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Home News Crisis in shipyards set to deteriorate further in next two years

Crisis in shipyards set to deteriorate further in next two years

In excess of 40% of the world’s shipyard capacity is expected to run out of orders by the end of 2021, according to research from Danish Ship Finance (DSF).

According to the DSF analysis there are 281 shipyards currently operating, with a combined capacity of 56 million CGT (compensated gross tonnes). However, just 64 of these yards account for 75% of the current vessel orderbook. “We expect these first-tier yards to form the core of the future yard landscape,” reported DSF.

That leaves some 217 yards have split the remaining 25% of the current orders between them and this year 114 of these second-tier yards, with an aggregated capacity of 7.5 million CGT, are expected to deliver their last ships.

A further 106 yards, of 16 million CGT do not have orders beyond the end of next year, and DSF argues, “the situation will only worsen after 2021”. Of the 64 tier one yards, 34 are Chinese, 10 Japanese, five South Korean, 13 European and two other yards from none of these countries.

In the container shipping sector, the problem has been that the delivery of very large capacity ships “continues to dictate the market dynamics and exacerbate the overcapacity [problem],” according to the DSF report, with the company adding that container lines have attempted to absorb this capacity by cascading smaller vessels to secondary trades.

Following the outbreak of the Covid-19 crisis, however, that option has diminished as vessels have been laid up and chartered ships have been returned to owners in the wake of the collapse in demand for ship capacity.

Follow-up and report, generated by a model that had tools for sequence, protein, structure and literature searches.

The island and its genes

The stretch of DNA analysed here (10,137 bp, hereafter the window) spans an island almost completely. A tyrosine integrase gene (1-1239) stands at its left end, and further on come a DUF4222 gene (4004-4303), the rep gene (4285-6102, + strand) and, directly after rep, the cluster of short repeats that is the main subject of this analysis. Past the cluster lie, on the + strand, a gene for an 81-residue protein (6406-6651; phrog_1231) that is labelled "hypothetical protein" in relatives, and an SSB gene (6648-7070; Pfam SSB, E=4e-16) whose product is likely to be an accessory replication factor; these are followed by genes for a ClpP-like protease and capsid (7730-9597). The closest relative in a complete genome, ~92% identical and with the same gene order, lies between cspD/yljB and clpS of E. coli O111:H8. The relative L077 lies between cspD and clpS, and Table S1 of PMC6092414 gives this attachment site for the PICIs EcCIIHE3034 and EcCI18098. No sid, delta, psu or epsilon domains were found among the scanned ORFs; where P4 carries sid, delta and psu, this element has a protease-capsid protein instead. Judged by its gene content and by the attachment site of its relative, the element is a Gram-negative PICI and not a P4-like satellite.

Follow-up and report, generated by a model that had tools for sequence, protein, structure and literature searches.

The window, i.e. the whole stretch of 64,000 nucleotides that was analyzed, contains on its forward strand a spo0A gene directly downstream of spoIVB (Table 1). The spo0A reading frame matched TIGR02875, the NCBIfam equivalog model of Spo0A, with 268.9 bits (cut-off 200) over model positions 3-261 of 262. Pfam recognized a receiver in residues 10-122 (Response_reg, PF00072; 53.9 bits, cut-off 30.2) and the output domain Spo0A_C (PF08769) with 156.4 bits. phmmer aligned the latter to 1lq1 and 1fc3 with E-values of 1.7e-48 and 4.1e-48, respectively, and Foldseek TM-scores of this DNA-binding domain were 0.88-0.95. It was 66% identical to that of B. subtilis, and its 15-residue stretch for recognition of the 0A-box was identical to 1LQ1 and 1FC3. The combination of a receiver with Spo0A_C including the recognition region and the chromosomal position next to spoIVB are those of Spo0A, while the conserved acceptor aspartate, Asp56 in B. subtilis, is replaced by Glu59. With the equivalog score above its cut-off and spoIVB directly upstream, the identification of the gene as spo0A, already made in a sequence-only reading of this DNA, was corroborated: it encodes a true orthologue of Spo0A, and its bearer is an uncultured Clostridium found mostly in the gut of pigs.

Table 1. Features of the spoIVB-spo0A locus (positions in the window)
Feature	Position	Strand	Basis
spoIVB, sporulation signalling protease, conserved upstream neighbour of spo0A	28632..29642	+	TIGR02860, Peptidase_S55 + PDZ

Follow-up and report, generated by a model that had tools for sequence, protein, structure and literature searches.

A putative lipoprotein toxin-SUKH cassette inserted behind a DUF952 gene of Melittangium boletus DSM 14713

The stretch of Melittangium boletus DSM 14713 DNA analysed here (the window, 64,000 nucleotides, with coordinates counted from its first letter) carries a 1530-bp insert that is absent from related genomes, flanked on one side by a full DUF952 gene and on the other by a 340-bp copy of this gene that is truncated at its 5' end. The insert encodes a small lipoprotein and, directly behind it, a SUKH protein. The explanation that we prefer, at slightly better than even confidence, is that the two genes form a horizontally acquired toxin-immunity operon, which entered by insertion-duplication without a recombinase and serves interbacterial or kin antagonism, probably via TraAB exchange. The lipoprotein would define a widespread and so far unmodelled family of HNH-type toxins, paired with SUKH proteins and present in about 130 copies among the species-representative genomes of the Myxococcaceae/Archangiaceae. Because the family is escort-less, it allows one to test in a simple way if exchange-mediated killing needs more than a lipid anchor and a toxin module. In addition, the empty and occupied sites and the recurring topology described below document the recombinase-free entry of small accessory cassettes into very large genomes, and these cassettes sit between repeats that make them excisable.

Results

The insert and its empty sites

Once breakers yards reopen there is a probability that vessels displaced by larger, newer ships will become “scrapping candidates”, later this year. And with the frontloading of the shipbuilding market, with 70% of feeder vessels on order due to be delivered this year and a further 40% of larger vessels also due for delivery in 2020 the supply side situation is likely to worsen in the coming months.

According to DSF, 80% of the current orderbook will be delivered by the end of 2021, but the financial institution says, “It seems unlikely that we will see any major ordering activity during the next two to three years. The next wave of contracting activity may come when the consensus is emerging regarding the future fuel mix, leading to the next generation of more decarbonised and automated vessels. The timing is still uncertain.”

Nick Savvides
Managing Editor

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